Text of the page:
It’s a lovely day and you’re cruising along with your windows open, enjoying the light summer breeze, when you spot a beggar at the traffic light you’re coming up to. What do you do? Quickly roll your window up? Put on your sunglasses? Pretend to be in-depth in conversation on your phone? Most of us have absolutely no idea how to deal with this daily dilemma and even less of an idea what to teach our kids.
My philosophy is that every single human being is of value, just by the fact that they are alive. They should be acknowledged as such and treated with respect. I have spent enough time coaching, and before that doing trauma counseling (and working at the time with a number of homeless people at our drop-in centre), to know that behind every face is an incredible story. And once you know enough stories, you are unlikely to judge.
Does this mean that I give every beggar some spare change? Absolutely not. There is nothing empowering about a hand-out and we already have an over-developed culture of entitlement in this country. With regards to beggars (and car guards for that matter) what I teach my kids is this:
Let your money go where your energy flows. Spend your money on things and people that lift your spirit. If someone begging at the traffic lights brings a smile to my face by a funny sign that they’ve really thought about, or by entertaining people while they wait for the lights to change, or is friendly and chatty without giving me the “woe is me” long version, then I’m happy to pop them some change. I’m not even adverse to handing out a R100 note if I feel inspired by someone who is really making an effort to help themselves and is positive and friendly and not pandering to my guilt.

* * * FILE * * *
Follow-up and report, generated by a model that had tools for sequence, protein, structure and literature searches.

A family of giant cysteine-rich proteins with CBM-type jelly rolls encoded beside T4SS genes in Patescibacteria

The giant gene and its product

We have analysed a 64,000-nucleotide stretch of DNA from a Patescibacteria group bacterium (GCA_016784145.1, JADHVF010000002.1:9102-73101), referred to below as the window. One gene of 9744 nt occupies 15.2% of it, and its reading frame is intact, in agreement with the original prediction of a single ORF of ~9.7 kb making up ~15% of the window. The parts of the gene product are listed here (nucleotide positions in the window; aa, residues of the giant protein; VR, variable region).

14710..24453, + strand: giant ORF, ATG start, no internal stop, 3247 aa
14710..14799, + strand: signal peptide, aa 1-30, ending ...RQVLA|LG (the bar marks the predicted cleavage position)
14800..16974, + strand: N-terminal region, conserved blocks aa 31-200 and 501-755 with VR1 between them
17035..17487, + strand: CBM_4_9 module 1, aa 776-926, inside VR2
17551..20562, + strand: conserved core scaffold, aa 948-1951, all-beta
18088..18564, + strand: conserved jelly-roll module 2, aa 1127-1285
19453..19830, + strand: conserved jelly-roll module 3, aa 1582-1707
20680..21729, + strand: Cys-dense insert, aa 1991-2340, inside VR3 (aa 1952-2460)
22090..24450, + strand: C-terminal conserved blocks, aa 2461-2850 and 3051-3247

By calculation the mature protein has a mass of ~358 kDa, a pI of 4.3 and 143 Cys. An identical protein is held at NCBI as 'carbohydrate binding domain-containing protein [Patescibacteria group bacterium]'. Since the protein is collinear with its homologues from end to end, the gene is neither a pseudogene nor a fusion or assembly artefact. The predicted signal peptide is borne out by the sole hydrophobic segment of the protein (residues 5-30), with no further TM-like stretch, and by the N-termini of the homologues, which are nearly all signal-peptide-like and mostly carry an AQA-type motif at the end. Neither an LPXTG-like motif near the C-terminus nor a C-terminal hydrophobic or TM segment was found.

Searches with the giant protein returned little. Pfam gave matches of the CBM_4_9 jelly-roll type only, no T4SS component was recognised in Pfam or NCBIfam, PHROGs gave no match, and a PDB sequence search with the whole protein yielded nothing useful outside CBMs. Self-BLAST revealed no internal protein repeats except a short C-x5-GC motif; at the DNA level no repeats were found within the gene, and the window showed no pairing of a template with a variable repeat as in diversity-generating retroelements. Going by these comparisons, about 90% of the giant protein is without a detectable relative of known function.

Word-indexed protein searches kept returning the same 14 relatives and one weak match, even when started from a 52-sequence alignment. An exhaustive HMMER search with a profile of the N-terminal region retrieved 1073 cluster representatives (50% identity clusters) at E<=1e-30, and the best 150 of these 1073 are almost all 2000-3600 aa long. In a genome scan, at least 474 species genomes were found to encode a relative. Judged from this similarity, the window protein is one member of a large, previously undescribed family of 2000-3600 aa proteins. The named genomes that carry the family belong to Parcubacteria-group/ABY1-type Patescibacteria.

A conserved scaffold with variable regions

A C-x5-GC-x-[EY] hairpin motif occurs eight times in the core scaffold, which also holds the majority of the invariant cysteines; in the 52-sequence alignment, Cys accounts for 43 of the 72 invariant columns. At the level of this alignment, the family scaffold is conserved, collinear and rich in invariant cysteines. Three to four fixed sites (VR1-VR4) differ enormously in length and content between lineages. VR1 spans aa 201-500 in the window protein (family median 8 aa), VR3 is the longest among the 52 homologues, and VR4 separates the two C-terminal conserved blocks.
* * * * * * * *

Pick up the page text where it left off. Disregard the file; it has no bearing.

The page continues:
Teach your kids never to spend their money to alleviate guilt. It’s a bottomless pit. Deal with your guilt and let it go, or use this energy to do something that is actually useful… travel equipped with some useful information (local homeless shelters, who to contact to sell the Homeless Talk, contact details for the Twilight Children) or start a soup kitchen, grow a pavement vegetable garden, teach someone a marketable skill, support local trade.
Whatever you do, leave your window down, smile, and acknowledge the human being that stands before you, a real person with a story that you will never truly be able to fathom. In this way you teach your children love over fear, respect over hostility, and kindness over hatred. And be grateful to that person for giving you the opportunity to give your kids these lifelong gifts!
Click here to find a list of charities that work with kids that you can help